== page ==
The IS-LM model has been a staple of mainstream, undergraduate macroeconomics for several decades.
The IS curve purports to plot all points of the rate of interest (i) and the level of income (y) which are brought about by equilibrium between saving and investment. Investment is inversely related to i and saving is directly related to y. At a larger y, saving will be larger and therefore equal to investment only at a lower i. The IS curve, therefore, slopes downward to the right when plotted on a graph with i on the vertical axis and y on the horizontal axis.
The LM curve purports to plot all points of equilibrium between i and y which are brought about by equilibrium between the money stock and money demand (so called, liquidity preference). Although the money stock is independent of either i or y, liquidity preference varies directly with each. With a given money stock, the increasing effect of a larger y on money demand would have to be offset by a decreasing effect of a higher i to maintain equilibrium. The graph of LM slopes upward to the right when superimposed on the IS graph.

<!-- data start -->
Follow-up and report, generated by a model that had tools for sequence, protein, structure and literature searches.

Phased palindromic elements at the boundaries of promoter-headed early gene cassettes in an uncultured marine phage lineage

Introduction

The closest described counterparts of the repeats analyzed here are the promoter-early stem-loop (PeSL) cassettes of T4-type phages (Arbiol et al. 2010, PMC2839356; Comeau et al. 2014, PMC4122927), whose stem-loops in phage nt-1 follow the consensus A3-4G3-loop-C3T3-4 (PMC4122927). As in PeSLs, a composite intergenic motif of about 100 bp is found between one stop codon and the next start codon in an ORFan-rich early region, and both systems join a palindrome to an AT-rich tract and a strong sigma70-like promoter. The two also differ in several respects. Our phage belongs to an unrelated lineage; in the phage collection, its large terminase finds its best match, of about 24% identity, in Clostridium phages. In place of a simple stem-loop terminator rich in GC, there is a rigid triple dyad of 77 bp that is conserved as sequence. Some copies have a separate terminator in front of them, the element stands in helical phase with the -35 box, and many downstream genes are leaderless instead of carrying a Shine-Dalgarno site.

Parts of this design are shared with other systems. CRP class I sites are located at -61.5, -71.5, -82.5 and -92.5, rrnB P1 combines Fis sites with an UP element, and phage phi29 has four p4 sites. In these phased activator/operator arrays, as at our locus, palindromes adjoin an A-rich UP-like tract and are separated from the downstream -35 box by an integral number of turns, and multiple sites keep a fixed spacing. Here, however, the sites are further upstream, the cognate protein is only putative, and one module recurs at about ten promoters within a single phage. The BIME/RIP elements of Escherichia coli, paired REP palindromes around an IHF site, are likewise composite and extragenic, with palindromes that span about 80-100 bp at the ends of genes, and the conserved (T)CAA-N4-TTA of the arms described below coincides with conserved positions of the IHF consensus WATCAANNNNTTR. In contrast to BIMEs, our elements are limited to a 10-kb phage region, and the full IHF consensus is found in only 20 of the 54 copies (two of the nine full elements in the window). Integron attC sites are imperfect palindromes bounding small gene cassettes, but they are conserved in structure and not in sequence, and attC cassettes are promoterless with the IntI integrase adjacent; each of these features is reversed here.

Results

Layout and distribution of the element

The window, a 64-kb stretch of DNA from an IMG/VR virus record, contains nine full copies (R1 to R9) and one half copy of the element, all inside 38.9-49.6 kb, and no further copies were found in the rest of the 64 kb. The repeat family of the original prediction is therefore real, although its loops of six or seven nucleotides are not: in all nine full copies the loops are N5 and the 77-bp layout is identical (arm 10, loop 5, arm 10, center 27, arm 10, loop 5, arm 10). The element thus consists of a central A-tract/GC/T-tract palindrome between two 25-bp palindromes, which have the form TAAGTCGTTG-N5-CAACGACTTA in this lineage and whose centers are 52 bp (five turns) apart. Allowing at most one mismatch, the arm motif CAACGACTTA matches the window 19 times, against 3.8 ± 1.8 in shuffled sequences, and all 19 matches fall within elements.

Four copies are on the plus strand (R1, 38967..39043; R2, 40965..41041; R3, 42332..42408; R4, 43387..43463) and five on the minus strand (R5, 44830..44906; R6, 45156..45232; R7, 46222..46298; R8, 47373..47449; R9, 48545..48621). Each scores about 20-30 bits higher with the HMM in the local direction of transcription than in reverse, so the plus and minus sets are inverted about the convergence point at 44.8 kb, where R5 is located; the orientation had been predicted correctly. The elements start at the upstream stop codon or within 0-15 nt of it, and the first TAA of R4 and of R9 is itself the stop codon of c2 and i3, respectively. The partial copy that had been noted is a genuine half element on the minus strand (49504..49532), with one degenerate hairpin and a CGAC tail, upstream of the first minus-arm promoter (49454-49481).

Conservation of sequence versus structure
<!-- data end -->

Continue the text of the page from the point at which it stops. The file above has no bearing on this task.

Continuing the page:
The intersection between IS and LM illustrates the only combination of i and y that has the entire economy, both the “real” and “money” aspects, in equilibrium.
The fundamental problem with IS-LM is the erroneous theories underlying it. Time preference determines both the interest rate and the extent of saving-investing. Money demand relative to the stock of money determines the purchasing power of money. Furthermore, it has no theory of production, no capital theory.
Roger Garrison compares and contrasts the Austrian, Keynesian, and Monetarist approaches to macroeconomics in his book, Time and Money. Here is an overview by Garrison: